The collared flycatcher (Ficedula albicollis) is a small passerine bird in the Old World flycatcher family, one of the four species of Western Palearctic black-and-white flycatchers. It breeds in southeast Europe (isolated populations are present in the islands of Gotland and Öland in the Baltic Sea, Sweden) and Eastern France to the Balkan Peninsula and Ukraine and is migratory, wintering in sub Sahara Africa. It is a rare vagrant in western Europe.
This is a 12–13.5 cm long bird. The breeding male is mainly black above and white below, with a white collar, large white wing patch, black tail (although some males have white tail sides) and a large white forehead patch. It has a pale rump. The bill is black and has the broad but pointed shape typical of aerial insectivores. As well as taking insects in flight, this species hunts caterpillars amongst the oak foliage, and will take berries.
Non-breeding males, females and juveniles have the black replaced by a pale brown, and may be very difficult to distinguish from other Ficedula flycatchers, particularly the European pied flycatcher (F. hypoleuca) and the semicollared flycatcher (F. semitorquata), with which this species hybridizes to a limited extent. F. albicollis vis-a-vis F. hypoleuca are speciating from each other by reinforcement, as evidenced by differences between colouration in sympatry versus allopatry. This is evidence for speciation by reinforcement.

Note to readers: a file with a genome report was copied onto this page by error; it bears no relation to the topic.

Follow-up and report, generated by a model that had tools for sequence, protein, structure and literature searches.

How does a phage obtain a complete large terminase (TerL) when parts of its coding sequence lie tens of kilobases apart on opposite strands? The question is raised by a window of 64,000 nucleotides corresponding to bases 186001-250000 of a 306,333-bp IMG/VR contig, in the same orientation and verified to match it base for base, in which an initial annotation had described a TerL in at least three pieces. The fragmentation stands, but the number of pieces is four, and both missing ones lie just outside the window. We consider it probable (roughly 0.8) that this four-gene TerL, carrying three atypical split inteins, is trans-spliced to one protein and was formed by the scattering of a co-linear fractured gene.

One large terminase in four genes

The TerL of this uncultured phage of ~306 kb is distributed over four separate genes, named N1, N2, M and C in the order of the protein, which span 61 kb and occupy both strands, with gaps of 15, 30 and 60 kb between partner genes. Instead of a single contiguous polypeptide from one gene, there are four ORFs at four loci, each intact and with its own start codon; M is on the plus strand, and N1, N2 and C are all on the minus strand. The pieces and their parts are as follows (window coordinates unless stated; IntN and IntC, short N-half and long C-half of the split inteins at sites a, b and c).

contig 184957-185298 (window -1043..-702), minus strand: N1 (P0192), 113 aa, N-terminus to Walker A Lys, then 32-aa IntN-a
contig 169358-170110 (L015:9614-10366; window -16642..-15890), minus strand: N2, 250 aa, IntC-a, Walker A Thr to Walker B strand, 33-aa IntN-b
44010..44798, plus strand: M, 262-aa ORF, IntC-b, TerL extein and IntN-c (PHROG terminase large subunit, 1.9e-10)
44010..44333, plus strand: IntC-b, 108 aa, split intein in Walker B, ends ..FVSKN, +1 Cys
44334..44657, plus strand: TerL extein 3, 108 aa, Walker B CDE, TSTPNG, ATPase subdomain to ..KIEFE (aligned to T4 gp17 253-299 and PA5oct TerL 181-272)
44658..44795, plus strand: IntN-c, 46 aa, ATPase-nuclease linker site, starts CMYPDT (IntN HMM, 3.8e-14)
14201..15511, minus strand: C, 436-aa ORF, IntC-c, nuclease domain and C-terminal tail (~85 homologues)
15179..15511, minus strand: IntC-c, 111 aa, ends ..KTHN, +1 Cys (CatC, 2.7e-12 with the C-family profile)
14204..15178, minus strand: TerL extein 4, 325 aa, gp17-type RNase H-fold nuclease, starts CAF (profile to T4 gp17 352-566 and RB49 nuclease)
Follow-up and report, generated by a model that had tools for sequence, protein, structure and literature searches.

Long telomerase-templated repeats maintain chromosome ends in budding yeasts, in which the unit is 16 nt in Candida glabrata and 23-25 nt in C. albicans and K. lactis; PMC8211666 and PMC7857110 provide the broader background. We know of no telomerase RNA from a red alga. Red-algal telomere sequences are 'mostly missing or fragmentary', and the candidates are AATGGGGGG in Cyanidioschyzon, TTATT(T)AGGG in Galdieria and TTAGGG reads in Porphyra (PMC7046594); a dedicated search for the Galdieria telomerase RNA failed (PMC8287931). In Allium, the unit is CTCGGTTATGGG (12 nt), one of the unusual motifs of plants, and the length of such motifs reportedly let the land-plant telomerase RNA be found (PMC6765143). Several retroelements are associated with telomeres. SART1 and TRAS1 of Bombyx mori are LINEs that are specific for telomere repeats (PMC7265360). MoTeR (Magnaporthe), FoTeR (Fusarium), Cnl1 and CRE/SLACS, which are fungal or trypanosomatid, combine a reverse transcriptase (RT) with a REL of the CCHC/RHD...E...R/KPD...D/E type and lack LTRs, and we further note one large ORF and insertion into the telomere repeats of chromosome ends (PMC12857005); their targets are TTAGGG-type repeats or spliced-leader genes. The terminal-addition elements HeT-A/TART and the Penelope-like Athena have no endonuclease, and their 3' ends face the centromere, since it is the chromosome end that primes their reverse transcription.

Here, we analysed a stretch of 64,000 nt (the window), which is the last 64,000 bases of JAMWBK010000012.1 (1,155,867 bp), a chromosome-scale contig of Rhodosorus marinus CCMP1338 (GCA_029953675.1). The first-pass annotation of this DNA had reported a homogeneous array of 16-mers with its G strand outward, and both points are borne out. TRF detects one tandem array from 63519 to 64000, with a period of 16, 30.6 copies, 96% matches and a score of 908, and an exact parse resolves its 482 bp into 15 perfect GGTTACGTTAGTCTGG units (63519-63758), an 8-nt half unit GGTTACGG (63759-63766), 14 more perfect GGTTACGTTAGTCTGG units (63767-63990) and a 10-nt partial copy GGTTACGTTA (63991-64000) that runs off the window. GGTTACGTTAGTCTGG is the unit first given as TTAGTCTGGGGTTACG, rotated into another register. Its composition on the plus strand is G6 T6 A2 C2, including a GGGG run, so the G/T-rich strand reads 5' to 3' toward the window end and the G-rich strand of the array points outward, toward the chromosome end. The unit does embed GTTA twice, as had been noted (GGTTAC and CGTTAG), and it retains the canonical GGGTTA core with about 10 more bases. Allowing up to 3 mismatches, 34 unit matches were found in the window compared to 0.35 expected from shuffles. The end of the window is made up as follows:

They are birds of deciduous woodlands, parks and gardens, with a preference for old trees with cavities in which it nests. They build an open nest in a tree hole, or man-made nest-boxes. Normally 5-7 eggs are laid. The song is slow strained whistles, quite unlike the pied flycatcher. Pied flycatchers can mimic the song of the collared flycatcher in sympatric populations.
The genus name is from Latin and refers to a small fig-eating bird (ficus, "fig") supposed to change into the blackcap in winter. The specific albicollis is from Latin albus, white, and collum, "neck".
The collared flycatcher is used as a model species in both ecology and genetics and it was one of the first birds that had its full genome sequenced. Repeated spectrometric data taken from male Collared Flycatchers has revealed that plumage reflectance should be measured during courtship, the primary period of sexual signalling, with spectral traits declining over the breeding season.
In a natural population of F. albicollis inbreeding appeared to be rare, but when it did occur it had severe negative consequences for fitness characteristics such as hatching success rate.